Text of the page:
Stand-Alone Retirement Plan Trusts

Dear Clients and Friends,

IRA’s, and in particular inherited IRA’s, represent one of the greatest sources of family wealth, yet many clients and estate planners are not aware of the significant benefits of utilizing Stand-Alone Retirement Plan Trusts, sometimes referred to as Stand-Alone IRA Beneficiary Trusts.

Who should read this letter? Owners of substantial IRA’s or benefits under retirement plans that permit a stretch-out of benefits.

What is a Stand-Alone Retirement Plan Trust? A trust document established by an IRA owner or participant in a qualified retirement plan. It is separate from the IRA agreement and the beneficiary designation form. The trust is a revocable standby trust which is not funded during the IRA owner’s lifetime but becomes the beneficiary of the IRA or qualified plan benefits upon the death of the IRA or plan owner or the death of the owner’s spouse, whichever is later.

What’s at Stake?

  1. Protection of children and grandchildren from divorced spouses and creditors.
  2. Providing for maximum stretch-out of benefits for maximum income tax deferral and wealth accumulation.

Why is Protection Necessary? In 2014, the U.S. Supreme Court ruled in Clark v. Rameker that inherited IRA’s are not protected by federal bankruptcy law. The effect of this ruling is to allow bankruptcy creditors to attach inherited IRA’s. Some states, including Massachusetts and Florida, have adopted laws that protect inherited IRA’s from creditors, but these state laws cannot be relied upon as beneficiaries often move from state to state and may live in a state where there is no exemption. If the IRA owner or qualified plan participant desires to protect the account for their children and grandchildren after their death, a trust should be part of the plan.

Separate trust shares can be established for each beneficiary and the beneficiaries can be a Trustee or Cotrustee of their shares and have significant control so that trust property will be available for their benefit when needed. These trusts can be structured as beneficiary controlled multigenerational trusts and be excluded from the taxable estates of the children and grandchildren and protected from their divorced spouses and creditors.

Why is an Accumulation Trust Beneficial?  In drafting a trust for a beneficiary, the IRA owner or plan beneficiary has two options (if authorized by the trust instrument): permit the beneficiary to select a “conduit trust” or an “accumulation trust”.

In a conduit trust, the required minimum distribution (“RMD”) is distributed from the plan to the trust and the trust is required to distribute the RMD to the beneficiary. The Trustee has no power to accumulate or hold the RMDs. The trust is protecting the underlying plan but not the RMDs for which it is merely a pass through or conduit to the beneficiary. Thus, a conduit trust is not the best tool for asset protection as the distributions when received by the beneficiary may be reached by former spouses and creditors.

An accumulation trust, however, offers much better creditor protection. In an accumulation trust, the plan distributes the RMD to the trust but the trust is not required to distribute the RMD to the beneficiary. Rather, the distributions may be retained and accumulated in the trust and be available for distribution to the beneficiary when needed. The RMDs can be retained in the accumulation trust and be protected.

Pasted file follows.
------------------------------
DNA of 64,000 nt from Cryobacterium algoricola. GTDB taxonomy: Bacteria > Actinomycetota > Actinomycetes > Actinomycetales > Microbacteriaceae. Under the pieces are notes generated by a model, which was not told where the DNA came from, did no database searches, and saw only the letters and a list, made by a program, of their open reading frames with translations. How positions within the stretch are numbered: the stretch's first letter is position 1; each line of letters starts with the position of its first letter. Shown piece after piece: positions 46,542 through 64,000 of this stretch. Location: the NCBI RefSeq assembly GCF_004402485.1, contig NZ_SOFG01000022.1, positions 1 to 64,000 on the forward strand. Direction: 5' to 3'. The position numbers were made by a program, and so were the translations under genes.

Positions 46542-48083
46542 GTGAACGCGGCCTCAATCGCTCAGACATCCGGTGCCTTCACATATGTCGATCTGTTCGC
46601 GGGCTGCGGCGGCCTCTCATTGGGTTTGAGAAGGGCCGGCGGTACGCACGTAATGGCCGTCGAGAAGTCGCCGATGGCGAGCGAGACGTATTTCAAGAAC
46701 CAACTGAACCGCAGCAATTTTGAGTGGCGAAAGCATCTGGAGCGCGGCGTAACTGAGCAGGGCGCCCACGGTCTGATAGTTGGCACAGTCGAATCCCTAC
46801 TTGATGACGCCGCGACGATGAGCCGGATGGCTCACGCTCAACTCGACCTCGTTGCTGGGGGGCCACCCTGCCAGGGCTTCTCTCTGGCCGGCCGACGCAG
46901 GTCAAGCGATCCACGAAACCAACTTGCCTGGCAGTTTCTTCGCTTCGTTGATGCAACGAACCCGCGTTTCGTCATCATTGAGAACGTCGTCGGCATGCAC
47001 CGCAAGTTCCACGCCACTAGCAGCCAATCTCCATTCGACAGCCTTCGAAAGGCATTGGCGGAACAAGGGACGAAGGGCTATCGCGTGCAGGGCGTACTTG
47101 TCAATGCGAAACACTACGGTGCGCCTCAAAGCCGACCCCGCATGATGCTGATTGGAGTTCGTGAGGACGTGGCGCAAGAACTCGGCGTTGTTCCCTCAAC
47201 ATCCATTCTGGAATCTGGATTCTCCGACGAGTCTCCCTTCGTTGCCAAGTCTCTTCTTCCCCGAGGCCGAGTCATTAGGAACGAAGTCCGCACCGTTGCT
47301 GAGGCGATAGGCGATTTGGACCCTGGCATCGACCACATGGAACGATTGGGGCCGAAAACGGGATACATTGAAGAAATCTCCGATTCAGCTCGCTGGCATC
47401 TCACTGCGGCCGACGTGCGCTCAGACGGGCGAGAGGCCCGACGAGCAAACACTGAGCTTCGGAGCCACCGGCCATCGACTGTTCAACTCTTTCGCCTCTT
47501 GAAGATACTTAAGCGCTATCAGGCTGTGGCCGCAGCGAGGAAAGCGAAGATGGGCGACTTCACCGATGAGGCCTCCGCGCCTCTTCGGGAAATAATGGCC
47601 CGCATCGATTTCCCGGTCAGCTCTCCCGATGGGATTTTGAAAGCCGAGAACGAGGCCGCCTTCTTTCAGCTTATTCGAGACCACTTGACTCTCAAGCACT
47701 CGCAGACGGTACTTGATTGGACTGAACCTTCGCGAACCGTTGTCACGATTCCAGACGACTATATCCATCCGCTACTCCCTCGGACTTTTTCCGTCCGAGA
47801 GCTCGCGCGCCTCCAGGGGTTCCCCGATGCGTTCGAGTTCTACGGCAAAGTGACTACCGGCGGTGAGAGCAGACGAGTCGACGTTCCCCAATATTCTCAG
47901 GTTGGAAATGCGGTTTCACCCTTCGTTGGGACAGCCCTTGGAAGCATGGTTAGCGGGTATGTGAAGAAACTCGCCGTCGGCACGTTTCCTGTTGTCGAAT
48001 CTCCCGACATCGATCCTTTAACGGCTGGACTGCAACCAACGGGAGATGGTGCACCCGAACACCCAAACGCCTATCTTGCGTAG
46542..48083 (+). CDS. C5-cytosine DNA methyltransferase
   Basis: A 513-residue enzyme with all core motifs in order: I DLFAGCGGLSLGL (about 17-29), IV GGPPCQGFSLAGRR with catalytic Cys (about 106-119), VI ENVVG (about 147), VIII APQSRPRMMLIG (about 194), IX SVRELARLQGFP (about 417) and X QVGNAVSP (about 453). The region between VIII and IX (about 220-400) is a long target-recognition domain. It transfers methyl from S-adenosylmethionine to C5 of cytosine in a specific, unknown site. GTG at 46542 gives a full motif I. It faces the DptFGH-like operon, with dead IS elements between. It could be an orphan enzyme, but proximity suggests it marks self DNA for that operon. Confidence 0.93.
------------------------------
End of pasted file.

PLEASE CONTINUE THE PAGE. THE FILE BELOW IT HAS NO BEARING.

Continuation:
In order for the trust to qualify as an accumulation trust, specific issues need to be dealt with in the trust drafting: identifiable separate trust shares must be established and linked specifically to beneficiary designations under the plan; a mechanism (such as an authorized Trust Protector) has to be included in the trust to prohibit trust distributions to persons significantly older than the trust beneficiary whose life expectancy is to be used for calculating RMDs; and other technical provisions should be included.

Living Trust vs. Stand-Alone Retirement Plan Trust. Since maximum stretch-out of benefits is desired, naming the living trust as the beneficiary of an IRA or retirement plan may create substantial uncertainty as to whose life expectancies will control the RMDs. Unless the living trust is coordinated with a division detailed in the IRA beneficiary designation form, the beneficiaries will all be required to use the life expectancy of the oldest beneficiary of the living trust, or possibly a five-year period, depending on the living trust terms.

Also, an accumulation trust is difficult to draft in a living trust since a mechanism is necessary to remove contingent beneficiaries whose life expectancy would shorten the term of the payout and such removal is usually inconsistent with the IRA or plan owner’s objectives for the disposition of assets not in the IRA or plan.

Recommendation: For owners of substantial IRA’s or retirement plan benefits, strong consideration should be given to establishing a Stand-Alone Retirement Plan Trust granting beneficiaries the option to establish accumulation trusts and retain all or part of the RMDs in such trusts thereby building wealth in a vehicle that is creditor protected for beneficiaries and their descendants.

The Importance of Updating Your Estate Plan

What steps should I take to update my estate plan?

Creating an estate plan is only the first part of the estate planning process.  It clarifies your wishes and provides for those you love. However, because your life and the lives of those around you are constantly evolving, we recommend that you review your estate plan at least every five years. Circumstances that may require you to alter your original estate plan include: marriages, divorces, births, illnesses, deaths, and buying or selling of real estate or businesses. There may also be more subtle changes in relationship or status that influence your decisions about how you want to distribute your assets.